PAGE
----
The recent election results clearly showed how much the issue of equal sharing of the military-service burden means to large parts of the Israeli public. The enlistment of ultra-Orthodox men in the Israel Defense Forces (IDF) is a key issues under dispute in coalition negotiations, and it's expected to be one of the first issues dealt with by the new Netanyahu government — whatever its makeup turns out to be.
In the absence of alternative legislation to the Tal Law, which exempted ultra-Orthodox men from military service until it expired last August, the IDF should have already taken action to draft them all into the army, in accordance with the Military Service Law. The question, however, is whether the IDF really needs all those tens of thousands of rabbinical college students who have declared the study of the Torah to be their full-time occupation. And supposing the IDF needs any of them, how many of them does the army actually need? How would the mass recruitment of the ultra-Orthodox affect the nature of the army?
The IDF is closely following the negotiations on forming the next government and has temporarily suspended drafting the 19,000 ultra-Orthodox young men aged 18 to 19, on the understanding that a new arrangement is expected soon. Out of that group of draft-eligible ultra-Orthodox young men, 3,200 have already passed preparatory classification processes at the IDF Recruitment Center and, according to a senior IDF officer, the army is ready to enlist them “at any moment.” This would require the IDF to form new units — possibly even one or two ultra-Orthodox battalions —and to prepare associated infrastructures. The IDF maintains that it might be done in the upcoming annual March draft. Some have even proposed that, now that the flow of infiltrators through Egypt has stopped, the Saharonim detention center, originally built in Ktziot in the Negev desert, could be converted to accommodate a new ultra-Orthodox battalion.
As far as the army is concerned, the issue of drafting the ultra-Orthodox into the IDF cuts both ways.
On the one hand, as instability grows along Israel’s borders, so does the need for an ever larger number of regular service soldiers. However, while the IDF seeks to preserve the gradually eroding ethos of the people’s army (in 2012, the number of ultra-Orthodox exempt from military service reached 14% of the total number of draft-eligible Israelis), the IDF’s annual draft numbers have declined for several years now. The number of soldiers in IDF combatant units has decreased, and the shortage can be felt elsewhere in army lineups. Meanwhile, the number of routine security and border-protection tasks has increased. The threat of terror from the Sinai Peninsula requires deploying large forces along the Egyptian border. As Syria disintegrates, the IDF must reinforce its forces in the Golan Heights. The Lebanese border was and remains a confrontation line. IDF decisionmakers believe that in the near future, Israel’s long border with Jordan will also require tighter security. But the IDF expects annual draft numbers to remain low over the next few years — too small to take care of all the above mentioned tasks. An increase in the IDF's annual drafts isn't expected until 2016.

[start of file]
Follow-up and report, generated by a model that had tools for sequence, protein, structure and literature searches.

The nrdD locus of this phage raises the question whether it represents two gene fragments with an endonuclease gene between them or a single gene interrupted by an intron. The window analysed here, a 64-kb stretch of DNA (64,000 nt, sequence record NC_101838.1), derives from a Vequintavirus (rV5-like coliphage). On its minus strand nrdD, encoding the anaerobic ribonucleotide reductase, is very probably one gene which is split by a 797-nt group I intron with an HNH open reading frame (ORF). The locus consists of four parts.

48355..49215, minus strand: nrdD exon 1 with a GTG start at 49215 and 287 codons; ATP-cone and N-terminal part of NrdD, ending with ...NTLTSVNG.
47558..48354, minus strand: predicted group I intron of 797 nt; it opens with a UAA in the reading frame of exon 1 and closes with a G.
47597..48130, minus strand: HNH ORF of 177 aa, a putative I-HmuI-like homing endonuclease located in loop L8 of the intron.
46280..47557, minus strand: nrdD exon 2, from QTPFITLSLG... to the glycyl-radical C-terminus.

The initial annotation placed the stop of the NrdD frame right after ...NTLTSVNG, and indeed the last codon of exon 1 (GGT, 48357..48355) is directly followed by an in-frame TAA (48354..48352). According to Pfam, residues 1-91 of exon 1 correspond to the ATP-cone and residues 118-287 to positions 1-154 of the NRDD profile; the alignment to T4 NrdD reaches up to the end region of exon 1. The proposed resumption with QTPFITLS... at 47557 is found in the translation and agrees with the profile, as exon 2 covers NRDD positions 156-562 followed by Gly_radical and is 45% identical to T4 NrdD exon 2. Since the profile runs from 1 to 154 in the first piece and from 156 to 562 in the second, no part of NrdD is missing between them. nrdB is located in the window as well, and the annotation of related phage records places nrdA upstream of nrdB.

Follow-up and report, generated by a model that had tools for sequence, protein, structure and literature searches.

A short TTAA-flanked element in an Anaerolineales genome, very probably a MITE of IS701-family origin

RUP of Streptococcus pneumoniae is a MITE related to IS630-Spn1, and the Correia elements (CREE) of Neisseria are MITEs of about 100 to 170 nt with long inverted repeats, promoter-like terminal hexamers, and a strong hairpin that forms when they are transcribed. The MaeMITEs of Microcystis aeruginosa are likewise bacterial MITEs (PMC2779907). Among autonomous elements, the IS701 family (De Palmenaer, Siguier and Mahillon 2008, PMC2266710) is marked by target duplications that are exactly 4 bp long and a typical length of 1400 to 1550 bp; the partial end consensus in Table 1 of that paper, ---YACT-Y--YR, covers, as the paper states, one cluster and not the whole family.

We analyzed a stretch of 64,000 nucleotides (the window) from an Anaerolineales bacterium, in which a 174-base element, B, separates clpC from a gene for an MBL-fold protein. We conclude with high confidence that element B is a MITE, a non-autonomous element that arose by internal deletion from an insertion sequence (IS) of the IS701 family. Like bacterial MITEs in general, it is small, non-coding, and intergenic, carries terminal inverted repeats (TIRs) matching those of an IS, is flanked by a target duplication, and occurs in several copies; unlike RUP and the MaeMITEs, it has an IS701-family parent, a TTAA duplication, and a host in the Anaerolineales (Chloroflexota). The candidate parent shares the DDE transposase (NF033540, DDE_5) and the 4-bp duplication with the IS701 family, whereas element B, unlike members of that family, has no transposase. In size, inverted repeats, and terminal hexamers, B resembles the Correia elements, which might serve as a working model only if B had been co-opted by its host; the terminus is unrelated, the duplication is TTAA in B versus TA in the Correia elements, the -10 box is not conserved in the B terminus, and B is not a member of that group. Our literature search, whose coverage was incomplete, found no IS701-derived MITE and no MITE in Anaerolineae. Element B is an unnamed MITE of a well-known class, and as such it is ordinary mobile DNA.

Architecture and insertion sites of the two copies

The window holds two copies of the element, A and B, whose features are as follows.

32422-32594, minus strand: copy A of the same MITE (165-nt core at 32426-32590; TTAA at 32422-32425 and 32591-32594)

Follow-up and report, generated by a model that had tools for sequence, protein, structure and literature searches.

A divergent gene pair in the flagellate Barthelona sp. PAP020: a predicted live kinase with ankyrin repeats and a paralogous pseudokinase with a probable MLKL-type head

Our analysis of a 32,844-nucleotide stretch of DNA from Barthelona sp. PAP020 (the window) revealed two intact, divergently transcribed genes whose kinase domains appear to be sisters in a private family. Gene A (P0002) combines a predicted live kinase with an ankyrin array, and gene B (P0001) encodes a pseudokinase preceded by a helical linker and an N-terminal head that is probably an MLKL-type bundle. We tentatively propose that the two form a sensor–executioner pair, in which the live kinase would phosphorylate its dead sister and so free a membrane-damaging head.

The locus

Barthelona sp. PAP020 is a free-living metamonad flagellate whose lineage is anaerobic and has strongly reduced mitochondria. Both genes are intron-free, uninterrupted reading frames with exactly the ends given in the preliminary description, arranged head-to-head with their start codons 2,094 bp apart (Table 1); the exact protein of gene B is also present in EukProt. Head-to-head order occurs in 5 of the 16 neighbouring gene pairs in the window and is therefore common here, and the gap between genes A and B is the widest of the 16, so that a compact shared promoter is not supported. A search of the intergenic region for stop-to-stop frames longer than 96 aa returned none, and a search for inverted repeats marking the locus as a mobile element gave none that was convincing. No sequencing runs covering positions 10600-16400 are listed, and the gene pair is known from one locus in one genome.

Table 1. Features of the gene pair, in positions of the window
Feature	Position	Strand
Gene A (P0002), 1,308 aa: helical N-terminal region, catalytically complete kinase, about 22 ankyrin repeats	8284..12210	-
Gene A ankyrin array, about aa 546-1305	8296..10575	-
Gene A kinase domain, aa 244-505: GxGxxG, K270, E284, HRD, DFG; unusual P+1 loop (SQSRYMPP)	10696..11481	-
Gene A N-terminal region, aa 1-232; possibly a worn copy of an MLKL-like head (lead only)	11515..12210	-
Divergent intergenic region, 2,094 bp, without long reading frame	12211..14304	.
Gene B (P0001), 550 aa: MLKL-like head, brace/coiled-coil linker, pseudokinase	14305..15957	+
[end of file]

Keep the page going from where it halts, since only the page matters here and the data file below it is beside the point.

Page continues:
On the other hand, the IDF realizes that enlisting the ultra-Orthodox en masse could affect the nature of the army and undermine gender equality in the army. The IDF has no interest in recruiting all 60,000 ultra-Orthodox men aged 20 to 28, whose military service has already been deferred. Their integration into the army and their training for service in the army, which would have to be shortened, along with the “family bonus” (extra pay given to married soldiers with children), would be too heavy a burden on the army. At the same time, the army's benefit from their service could be negligible. Likewise, drafting the 19,000 draft-eligible ultra-Orthodox young men aged 18 to 19 would require the IDF to make some very complex adjustments.